Some big food makers are getting serious about making sure farmers grow crops in ways that minimize damage to water, soil and the environment, according to a report released this week that calls for more companies to demand sustainable supplies.
Companies including Walmart, Coca-Cola, General Mills and Unilever have taken steps to work with suppliers on environmental improvements, the report says, but adds that measurable goals and firm deadlines are necessary to make real improvements.
The next time you visit the bathroom, consider the valuable resources you’re flushing away.
“Urine contains all the essential components for plant growth, such as phosphorus, nitrogen and potassium,” says the Univ. of Technology, Sydney’s Dena Fam. “Yet our sewers carry these nutrients essential for agricultural production away from our urban centers and discharge them into waterways where they have the potential to negatively impact aquatic ecosystems.”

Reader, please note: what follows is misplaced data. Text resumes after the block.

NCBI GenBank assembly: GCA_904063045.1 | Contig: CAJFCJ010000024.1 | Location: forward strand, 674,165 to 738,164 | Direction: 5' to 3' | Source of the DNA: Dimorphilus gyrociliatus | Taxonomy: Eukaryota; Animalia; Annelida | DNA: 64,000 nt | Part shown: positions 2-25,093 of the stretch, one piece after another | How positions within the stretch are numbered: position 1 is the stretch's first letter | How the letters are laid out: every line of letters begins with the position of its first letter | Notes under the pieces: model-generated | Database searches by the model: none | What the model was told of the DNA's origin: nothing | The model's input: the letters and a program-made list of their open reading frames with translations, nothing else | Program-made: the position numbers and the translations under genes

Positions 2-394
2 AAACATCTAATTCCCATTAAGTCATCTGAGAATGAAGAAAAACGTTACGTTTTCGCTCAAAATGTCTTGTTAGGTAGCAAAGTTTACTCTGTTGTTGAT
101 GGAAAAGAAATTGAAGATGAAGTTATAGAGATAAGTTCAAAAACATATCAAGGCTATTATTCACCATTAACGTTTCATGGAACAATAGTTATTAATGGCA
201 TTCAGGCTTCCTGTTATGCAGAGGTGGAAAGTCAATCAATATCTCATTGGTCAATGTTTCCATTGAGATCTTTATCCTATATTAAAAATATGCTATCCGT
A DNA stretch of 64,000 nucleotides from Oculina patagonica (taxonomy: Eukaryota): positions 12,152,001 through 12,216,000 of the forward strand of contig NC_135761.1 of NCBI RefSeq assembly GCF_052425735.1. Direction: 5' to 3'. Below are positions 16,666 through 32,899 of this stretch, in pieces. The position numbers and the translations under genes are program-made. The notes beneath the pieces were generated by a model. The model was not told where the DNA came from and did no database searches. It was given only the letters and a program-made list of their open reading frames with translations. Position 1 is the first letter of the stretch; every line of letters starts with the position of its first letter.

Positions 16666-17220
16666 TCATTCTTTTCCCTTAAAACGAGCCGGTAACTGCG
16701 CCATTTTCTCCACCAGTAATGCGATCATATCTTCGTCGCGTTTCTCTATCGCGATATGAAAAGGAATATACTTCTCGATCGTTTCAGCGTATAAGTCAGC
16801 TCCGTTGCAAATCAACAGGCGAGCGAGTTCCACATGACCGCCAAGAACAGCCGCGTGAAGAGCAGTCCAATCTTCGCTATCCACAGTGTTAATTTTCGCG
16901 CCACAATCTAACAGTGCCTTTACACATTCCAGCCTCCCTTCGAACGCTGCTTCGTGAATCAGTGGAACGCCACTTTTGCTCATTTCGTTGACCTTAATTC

The U.S. government is stepping up efforts to help Central American farmers fight a devastating coffee disease — and hold down the price of your morning cup.
At issue is a fungus called coffee rust that has caused more than $1 billion in damage across Latin American region. The fungus is especially deadly to Arabica coffee, the bean that makes up most high-end, specialty coffees. Already, it is affecting the price of some of those coffees in the U.S.
At the elevated levels of atmospheric CO2 anticipated by around 2050, crops that provide a large share of the global population with most of their dietary zinc and iron will have significantly reduced concentrations of those nutrients, according to a new study led by Harvard School of Public Health (HSPH). Given that an estimated two billion people suffer from zinc and iron deficiencies, resulting in a loss of 63 million life years annually from malnutrition, the reduction in these nutrients represents the most significant health threat ever shown to be associated with climate change.
“This study is the first to resolve the question of whether rising CO2 concentrations — which have been increasing steadily since the Industrial Revolution —threaten human nutrition,” says Samuel Myers, research scientist in the Department of Environmental Health at HSPH and the study’s lead author.